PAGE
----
Determining the Authority of Web Pages

Different websites, particularly link building platforms, assign web pages an ‘authority’ score. While the term ‘authority’ may be somewhat arbitrary, as it’s not a term Google or any other search engine publicly recognizes, the term holds weight in how visible its impact is in search rankings. To put it simply, if a major website like CNN is linking to your website, it’s going to have a beneficial impact on your search rankings. This is because CNN is a major news outlet that is generally recognized as a helpful website, so Google will boost sites that are linked to these major publications in an effort to deliver users a positive experience. As a result of this relationship, citation building platforms like Moz and Bright Local assign pages an ‘authority score’ to best determine which listings provide the best boost for SEO.

During the early days of Google, page authority was calculated by a score called “page rank“. The volume of backlinks, as well as the reputability of these links, would help drive up a website’s page rank, which would directly influence said website’s search results. Although page rank is still around today, users cannot see their website’s page rank, as it has become just a part of Google’s hummingbird algorithm.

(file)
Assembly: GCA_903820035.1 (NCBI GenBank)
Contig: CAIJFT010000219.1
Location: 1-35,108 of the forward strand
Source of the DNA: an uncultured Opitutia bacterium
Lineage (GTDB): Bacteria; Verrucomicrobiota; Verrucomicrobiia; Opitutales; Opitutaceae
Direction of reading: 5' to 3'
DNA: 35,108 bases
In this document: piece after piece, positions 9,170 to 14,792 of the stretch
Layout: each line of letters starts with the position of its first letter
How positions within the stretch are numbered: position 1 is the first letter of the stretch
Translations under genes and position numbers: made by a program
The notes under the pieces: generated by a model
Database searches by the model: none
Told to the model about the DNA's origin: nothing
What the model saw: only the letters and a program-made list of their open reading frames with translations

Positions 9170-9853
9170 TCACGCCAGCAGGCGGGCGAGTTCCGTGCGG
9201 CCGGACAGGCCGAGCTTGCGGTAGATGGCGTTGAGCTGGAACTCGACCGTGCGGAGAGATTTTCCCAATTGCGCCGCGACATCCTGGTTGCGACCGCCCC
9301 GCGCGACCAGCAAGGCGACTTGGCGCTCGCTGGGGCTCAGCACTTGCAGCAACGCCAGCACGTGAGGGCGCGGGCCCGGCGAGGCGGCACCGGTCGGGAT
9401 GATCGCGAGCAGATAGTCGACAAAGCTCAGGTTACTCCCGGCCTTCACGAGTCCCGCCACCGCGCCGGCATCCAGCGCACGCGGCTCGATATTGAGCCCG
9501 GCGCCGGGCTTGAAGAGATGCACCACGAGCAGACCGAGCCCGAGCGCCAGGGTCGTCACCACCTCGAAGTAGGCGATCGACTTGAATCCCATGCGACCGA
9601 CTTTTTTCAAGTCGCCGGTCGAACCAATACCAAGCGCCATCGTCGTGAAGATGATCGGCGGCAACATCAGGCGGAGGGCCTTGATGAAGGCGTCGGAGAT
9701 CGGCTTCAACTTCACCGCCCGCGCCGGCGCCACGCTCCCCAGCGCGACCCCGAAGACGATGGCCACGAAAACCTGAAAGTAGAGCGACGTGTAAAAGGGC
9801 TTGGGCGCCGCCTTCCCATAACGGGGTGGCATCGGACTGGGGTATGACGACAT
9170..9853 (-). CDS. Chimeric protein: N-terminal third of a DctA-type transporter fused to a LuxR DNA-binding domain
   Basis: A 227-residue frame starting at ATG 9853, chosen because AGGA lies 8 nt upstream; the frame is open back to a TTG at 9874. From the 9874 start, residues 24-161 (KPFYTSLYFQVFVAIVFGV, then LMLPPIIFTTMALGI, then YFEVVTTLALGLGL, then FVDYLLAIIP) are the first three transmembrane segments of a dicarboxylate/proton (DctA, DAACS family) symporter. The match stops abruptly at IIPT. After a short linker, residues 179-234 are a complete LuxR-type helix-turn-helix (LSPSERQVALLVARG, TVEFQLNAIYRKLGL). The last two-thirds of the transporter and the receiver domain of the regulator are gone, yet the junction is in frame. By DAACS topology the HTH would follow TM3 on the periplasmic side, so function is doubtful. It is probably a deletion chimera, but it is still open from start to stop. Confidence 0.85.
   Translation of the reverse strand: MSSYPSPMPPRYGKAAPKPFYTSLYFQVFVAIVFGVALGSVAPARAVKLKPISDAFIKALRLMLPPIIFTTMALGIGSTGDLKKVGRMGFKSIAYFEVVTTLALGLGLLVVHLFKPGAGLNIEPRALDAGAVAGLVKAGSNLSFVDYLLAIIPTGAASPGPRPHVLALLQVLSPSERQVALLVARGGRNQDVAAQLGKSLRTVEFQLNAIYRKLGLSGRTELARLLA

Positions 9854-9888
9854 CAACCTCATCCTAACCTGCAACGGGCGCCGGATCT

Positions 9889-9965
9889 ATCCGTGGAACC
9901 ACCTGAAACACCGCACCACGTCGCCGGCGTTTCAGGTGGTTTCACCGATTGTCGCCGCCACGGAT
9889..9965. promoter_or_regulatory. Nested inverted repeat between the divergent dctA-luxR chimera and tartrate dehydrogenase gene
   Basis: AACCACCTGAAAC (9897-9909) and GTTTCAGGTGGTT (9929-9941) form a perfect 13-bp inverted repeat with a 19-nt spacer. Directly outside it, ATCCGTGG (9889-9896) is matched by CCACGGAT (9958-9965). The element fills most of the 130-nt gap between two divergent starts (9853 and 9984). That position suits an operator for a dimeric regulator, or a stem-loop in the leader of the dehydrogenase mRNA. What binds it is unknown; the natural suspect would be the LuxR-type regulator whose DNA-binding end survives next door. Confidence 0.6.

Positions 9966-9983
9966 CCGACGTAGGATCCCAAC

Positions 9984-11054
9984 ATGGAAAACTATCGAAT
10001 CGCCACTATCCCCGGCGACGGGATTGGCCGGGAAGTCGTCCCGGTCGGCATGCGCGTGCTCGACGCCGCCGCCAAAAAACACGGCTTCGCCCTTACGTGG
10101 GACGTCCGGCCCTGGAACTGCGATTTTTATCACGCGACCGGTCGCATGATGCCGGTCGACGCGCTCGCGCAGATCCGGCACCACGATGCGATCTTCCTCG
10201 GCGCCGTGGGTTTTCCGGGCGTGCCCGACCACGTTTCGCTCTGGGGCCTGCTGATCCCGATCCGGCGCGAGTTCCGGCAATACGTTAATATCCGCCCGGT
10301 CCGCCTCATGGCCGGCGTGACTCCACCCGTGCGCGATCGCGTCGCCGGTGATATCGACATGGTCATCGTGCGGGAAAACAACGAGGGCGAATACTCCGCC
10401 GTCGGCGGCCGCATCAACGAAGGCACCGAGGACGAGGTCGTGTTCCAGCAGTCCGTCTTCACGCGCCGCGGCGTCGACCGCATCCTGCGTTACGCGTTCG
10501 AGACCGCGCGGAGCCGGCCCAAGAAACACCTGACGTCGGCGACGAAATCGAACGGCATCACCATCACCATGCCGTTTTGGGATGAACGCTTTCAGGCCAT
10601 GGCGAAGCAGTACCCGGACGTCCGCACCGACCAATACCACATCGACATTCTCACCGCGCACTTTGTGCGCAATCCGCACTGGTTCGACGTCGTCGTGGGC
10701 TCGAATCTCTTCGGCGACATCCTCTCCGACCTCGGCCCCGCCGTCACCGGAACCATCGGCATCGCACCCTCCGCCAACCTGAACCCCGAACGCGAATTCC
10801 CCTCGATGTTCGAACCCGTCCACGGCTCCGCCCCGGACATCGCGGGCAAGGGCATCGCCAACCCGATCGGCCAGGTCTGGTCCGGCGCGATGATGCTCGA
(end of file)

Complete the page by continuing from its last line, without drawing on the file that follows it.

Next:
Essentially, if you publish similar articles about the same topic across various websites, the websites that have the highest authority are going to the rank the highest. Yet, over time, if one of the articles on the lesser platforms is more engaging, and just overall, better in terms of quality, it may begin outranking the articles on bigger publications.

While Google claims authority is measured on a page-by-page level, pages on a more authoritative domain will rank higher. However, it’s important to remember that authority isn’t one established ranking factor. As it’s just one (or several) of the several hundred signals that Google uses in its ranking algorithm.

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